So that part of me changed.  And most recently, I have noticed that I am willing to post unflattering photos of myself, as long as Buddy is “loving on me” or he looks great in the photo (it’s very hard to get a good photo of the boy).  There is one that I posted just last week, my face looks like a beach ball with squinty eyes and wind blown hair, but B is looking at me with such love, that my heart fills every time I see it.

Another part that has changed, is that I will sing.   Now, I know that I cannot sing my way through Happy Birthday.  So even at parties, I won’t sing.  In church I would never sing louder than the voice in my head.  Yet, last summer, we had family visiting, and I found myself singing to Buddy in front of them, just so they could see his reactions to his favorite songs.

So, I guess one of the good things about autism, is that I have become a better person because of it.

~ASM

Welcome to my autism super mom blog!

I am the proud mom of an awesome 23 year old young man.  He is non-verbal, handsome, incontinent, funny, loving, affectionate and silly.   He loves music, watches, helicopters, planes, trains and ME!

I work full time and have 2 different companies that provide services and day support for Buddy.  He goes to a day program as well as getting out into the community.  Without this support team, Buddy would not be doing as well as he is.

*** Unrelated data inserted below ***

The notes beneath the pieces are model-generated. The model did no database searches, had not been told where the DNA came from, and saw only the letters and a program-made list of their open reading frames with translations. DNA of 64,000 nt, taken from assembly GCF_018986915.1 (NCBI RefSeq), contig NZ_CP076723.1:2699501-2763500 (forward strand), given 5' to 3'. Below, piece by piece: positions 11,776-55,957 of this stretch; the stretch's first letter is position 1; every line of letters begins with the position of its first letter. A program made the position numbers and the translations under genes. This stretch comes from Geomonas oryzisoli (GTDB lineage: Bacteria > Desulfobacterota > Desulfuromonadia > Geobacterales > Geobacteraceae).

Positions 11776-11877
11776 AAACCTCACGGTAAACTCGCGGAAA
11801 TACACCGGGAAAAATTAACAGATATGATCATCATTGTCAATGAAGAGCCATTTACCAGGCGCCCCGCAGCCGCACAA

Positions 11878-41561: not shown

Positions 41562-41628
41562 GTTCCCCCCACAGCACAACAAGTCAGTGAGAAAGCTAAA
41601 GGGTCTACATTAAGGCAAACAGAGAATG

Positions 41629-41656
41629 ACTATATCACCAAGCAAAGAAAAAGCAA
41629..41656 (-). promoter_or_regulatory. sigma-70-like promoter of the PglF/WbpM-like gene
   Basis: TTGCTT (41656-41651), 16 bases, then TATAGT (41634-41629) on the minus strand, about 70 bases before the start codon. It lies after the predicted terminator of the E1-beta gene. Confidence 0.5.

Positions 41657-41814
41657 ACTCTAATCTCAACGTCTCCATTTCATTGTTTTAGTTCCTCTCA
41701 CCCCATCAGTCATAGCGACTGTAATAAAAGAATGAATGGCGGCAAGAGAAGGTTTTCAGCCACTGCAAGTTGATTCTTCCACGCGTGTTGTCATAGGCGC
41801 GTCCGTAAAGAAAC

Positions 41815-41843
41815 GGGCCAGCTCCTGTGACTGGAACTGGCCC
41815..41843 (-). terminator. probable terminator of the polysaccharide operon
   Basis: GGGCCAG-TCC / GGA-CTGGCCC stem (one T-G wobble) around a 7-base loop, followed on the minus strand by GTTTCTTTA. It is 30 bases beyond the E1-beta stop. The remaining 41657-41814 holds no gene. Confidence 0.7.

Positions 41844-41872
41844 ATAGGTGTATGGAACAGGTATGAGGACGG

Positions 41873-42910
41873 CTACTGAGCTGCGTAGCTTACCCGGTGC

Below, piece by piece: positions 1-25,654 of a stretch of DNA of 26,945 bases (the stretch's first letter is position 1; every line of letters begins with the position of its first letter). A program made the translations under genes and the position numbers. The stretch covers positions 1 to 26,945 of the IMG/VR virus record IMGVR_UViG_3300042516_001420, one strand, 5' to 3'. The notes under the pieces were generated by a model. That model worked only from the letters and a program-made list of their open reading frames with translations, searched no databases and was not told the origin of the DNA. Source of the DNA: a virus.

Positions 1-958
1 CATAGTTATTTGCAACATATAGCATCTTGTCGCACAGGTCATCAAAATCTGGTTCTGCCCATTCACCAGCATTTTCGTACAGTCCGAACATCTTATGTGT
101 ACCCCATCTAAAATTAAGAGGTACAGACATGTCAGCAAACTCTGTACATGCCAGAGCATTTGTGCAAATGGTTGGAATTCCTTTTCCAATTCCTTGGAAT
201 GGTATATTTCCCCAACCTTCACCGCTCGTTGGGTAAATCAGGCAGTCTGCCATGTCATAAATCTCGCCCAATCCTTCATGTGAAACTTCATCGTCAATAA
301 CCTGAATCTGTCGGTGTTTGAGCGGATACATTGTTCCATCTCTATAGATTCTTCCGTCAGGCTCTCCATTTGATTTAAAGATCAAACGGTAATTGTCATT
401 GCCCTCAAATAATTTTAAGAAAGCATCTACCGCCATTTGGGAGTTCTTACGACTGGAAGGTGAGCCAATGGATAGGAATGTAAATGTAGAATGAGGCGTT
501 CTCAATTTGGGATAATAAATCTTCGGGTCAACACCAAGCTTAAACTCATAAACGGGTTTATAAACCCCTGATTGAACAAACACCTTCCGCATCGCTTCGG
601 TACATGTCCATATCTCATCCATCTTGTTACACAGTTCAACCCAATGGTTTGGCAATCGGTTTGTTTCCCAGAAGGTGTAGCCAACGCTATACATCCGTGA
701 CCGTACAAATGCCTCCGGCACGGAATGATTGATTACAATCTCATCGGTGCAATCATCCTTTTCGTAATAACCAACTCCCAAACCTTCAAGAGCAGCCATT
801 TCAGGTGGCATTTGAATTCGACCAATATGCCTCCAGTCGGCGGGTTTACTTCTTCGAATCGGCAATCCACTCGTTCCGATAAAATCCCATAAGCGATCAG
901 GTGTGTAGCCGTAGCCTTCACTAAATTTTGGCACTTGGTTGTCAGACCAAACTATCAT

Buddy’s dad and I divorced a while ago and I have remarried a wonderful man that treats Buddy as his own.  Hubby, helps me with Buddy, with everything except baths…it makes him uncomfortable to bathe another man, and I am totally fine with that.  How many other step dads will get up at 3am on a work night to shampoo vomit or other bodily fluid out of a carpet?

So what prompted this attempt at blogging?  It is March 31st, and tomorrow starts Autism Awareness Month.  For the last few years I have tried to do something during the month of April to help bring awareness.  This year, I decided to try blogging.

I see a lot of informative blogs and articles on autism, but they usually are a bit out of my grasp.  I think it’s great that parents are sharing the wonderful strides that their children are making…going from non-verbal to verbal…going from Depends to independent toileting, winning medals at the Special Olympics and more…but that is not where we are.

Buddy vocalizes, but no words.  He plays with the light in the bathroom, but the closest that he gets to using it, is laying on the floor in the hallway and pulling the bathroom door closed.

But he can grab a box of cereal, bowl and the milk when he wants to eat Capt Crunch!  Or hand me the (correct) remote when he wants me to change the channel on the TV.  Poke my chin when he wants me to sing to him. Poke my shoulder in the car to change the song on the radio…not to be confused with pulling my sleeve, which means “Turn up the radio, please”.  Or my favorite…kiss my cheek for “Please, Momma”.

Hopefully, as I get the hang of this, I will make you smile or even laugh. But most of all, I hope you realize that we don’t have to be Super Parents, to be super, parents.

So this is my blog, welcome to my world!

~ASM